[GUEST BLOGGER] What is Vitamin B17 and is it safe?

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What is vitamin B17?

First things first, vitamin B17 isn’t actually a vitamin according to the Committee on Nomenclature of the American Institute of Nutrition, and there is no evidence to support that this substance is needed by the body.

Second, you will also see vitamin B17, amygdalin, and Laetrile used interchangeably, but these are not the same product. Amygdalin, often referred to as B17, is a naturally occurring compound found in many foods but is usually sourced from seeds or kernels of stone fruit, particularly apricots. It is found in higher amounts in bitter apricot seeds as opposed to sweet apricot seeds.

In the 1950’s, amygdalin was isolated, concentrated, and patented into a lower risk form called Laetrile that could be used intravenously.

What’s the fuss?

Amygdalin was first used in the 1800’s to early 1900’s as an oral cancer treatment, but the risks outweighed the benefits. One of the main risks of using amygdalin or Laetrile is that when the body breaks down this compound, cyanide is released. Some people who have consumed either a B17/amygdalin supplement or bitter apricot kernels have experienced dangerous health effects including cyanide toxicity.

Can it be used safely?

Several case studies, clinical trials, and reviews investigated the effects of amygdalin therapies combined with cancer treatments. In many cases, patients’ blood cyanide levels increased and approached the lethal limit. No significant benefit was seen in patient symptoms, tumor stabilization or reduction, or in patient quality of life or treatment outcome. There are also published physician reports of patients self-medicating by taking amygdalin or bitter apricot kernels and being admitted to emergency rooms for treatment of cyanide toxicity.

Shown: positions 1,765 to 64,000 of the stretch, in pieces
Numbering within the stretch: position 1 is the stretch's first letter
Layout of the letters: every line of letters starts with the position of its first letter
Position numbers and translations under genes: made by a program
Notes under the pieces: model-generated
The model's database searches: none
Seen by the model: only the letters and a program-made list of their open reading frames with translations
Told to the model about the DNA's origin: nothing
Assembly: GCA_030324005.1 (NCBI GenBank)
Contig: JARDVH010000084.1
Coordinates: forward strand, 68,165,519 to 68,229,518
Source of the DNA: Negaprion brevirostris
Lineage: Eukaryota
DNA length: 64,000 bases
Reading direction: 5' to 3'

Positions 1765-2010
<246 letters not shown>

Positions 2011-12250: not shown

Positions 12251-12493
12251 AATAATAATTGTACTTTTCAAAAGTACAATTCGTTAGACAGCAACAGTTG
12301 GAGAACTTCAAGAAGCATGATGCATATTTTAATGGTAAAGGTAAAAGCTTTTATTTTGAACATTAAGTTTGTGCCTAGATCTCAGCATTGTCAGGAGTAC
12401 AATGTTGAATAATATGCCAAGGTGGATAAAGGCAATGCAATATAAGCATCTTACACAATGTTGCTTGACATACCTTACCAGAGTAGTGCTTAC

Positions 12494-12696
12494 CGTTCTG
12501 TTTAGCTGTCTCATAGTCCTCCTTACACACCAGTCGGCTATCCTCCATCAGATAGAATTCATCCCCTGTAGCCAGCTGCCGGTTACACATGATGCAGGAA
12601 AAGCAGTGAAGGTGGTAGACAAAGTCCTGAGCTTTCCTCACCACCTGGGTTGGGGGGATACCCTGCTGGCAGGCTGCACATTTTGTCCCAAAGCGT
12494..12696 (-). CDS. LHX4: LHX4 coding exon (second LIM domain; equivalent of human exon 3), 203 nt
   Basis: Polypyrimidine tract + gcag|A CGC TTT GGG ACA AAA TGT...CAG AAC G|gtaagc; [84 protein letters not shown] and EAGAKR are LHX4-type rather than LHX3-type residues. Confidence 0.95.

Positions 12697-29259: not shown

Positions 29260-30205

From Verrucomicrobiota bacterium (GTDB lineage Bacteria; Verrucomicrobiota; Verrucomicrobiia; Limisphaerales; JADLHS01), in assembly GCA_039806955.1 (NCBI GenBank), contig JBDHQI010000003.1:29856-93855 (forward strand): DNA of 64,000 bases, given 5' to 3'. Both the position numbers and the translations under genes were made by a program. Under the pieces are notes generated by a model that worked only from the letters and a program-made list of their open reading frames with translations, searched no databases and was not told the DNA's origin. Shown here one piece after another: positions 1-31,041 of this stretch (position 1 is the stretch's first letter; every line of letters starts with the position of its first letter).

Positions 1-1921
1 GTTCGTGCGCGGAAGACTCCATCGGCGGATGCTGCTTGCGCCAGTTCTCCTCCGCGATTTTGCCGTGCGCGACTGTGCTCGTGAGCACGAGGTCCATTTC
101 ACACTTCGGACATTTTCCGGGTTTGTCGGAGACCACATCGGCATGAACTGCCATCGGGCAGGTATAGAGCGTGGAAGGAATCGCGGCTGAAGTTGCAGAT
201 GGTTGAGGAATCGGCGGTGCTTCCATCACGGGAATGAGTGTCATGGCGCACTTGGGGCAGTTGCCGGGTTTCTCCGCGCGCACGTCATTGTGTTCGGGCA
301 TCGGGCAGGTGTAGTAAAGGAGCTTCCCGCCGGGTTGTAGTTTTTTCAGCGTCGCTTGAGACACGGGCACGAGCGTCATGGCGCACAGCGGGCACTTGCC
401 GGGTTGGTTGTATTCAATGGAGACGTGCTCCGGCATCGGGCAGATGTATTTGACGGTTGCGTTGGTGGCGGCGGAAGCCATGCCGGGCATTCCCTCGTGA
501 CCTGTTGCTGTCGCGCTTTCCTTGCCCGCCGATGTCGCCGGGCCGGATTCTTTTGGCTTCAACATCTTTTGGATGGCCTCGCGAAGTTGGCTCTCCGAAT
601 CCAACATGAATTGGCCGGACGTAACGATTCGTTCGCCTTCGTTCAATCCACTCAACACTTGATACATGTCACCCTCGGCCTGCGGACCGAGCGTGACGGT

Even at lower doses, there are many factors like diet, metabolism, and illness that can lead to increased blood levels of cyanide. When risks like this exist, it is increasingly challenging for health authorities to make these products readily available to the public.

The FDA has deemed this product illegal and not fit for use in the prevention or treatment of cancer. In Canada, Health Canada warns people about amygdalin-containing products with unauthorized health claims to prevent or cure cancer.

There are many supporters who continue to advocate for the use of amygdalin or Laetrile as part of cancer treatments (enter conspiracy theories about “Big Pharma” and government involvement). There remain some practitioners who use this compound as part of cancer treatment today in areas where Laetrile and amygdalin-related therapies have not been made illegal. Even these practitioners caution that patients need to be closely monitored during supervised therapy, like any other treatment protocol.

The logic behind what health professionals can recommend:

Understandably, we want every possible option for ourselves and our loved ones to prevent or successfully treat cancer. There will always be personal stories about a family member or friends or a friend of a friend who took “X” supplements to cure their cancer when given a finite number of months to live, just as some people will continue to smoke 2 packs of cigarettes a day and live to be 90 years old. This does not automatically disprove or undermine all of the evidence conclusively showing that cigarette smoke exposure substantially increases the risk of cancer and chronic diseases. It’s well established that cigarette smoke is hazardous to health.

The way that (almost) all licensed health professionals practice is by providing recommendations that are evidence-based, effective, safe, and the potential benefits outweigh the risks. There is always ongoing research on new, cutting edge treatments. The current evidence available does not support Laetrile/amygdalin/”vitamin B17” in the prevention, treatment, or cure for cancer or any other ailment. This is the information we have!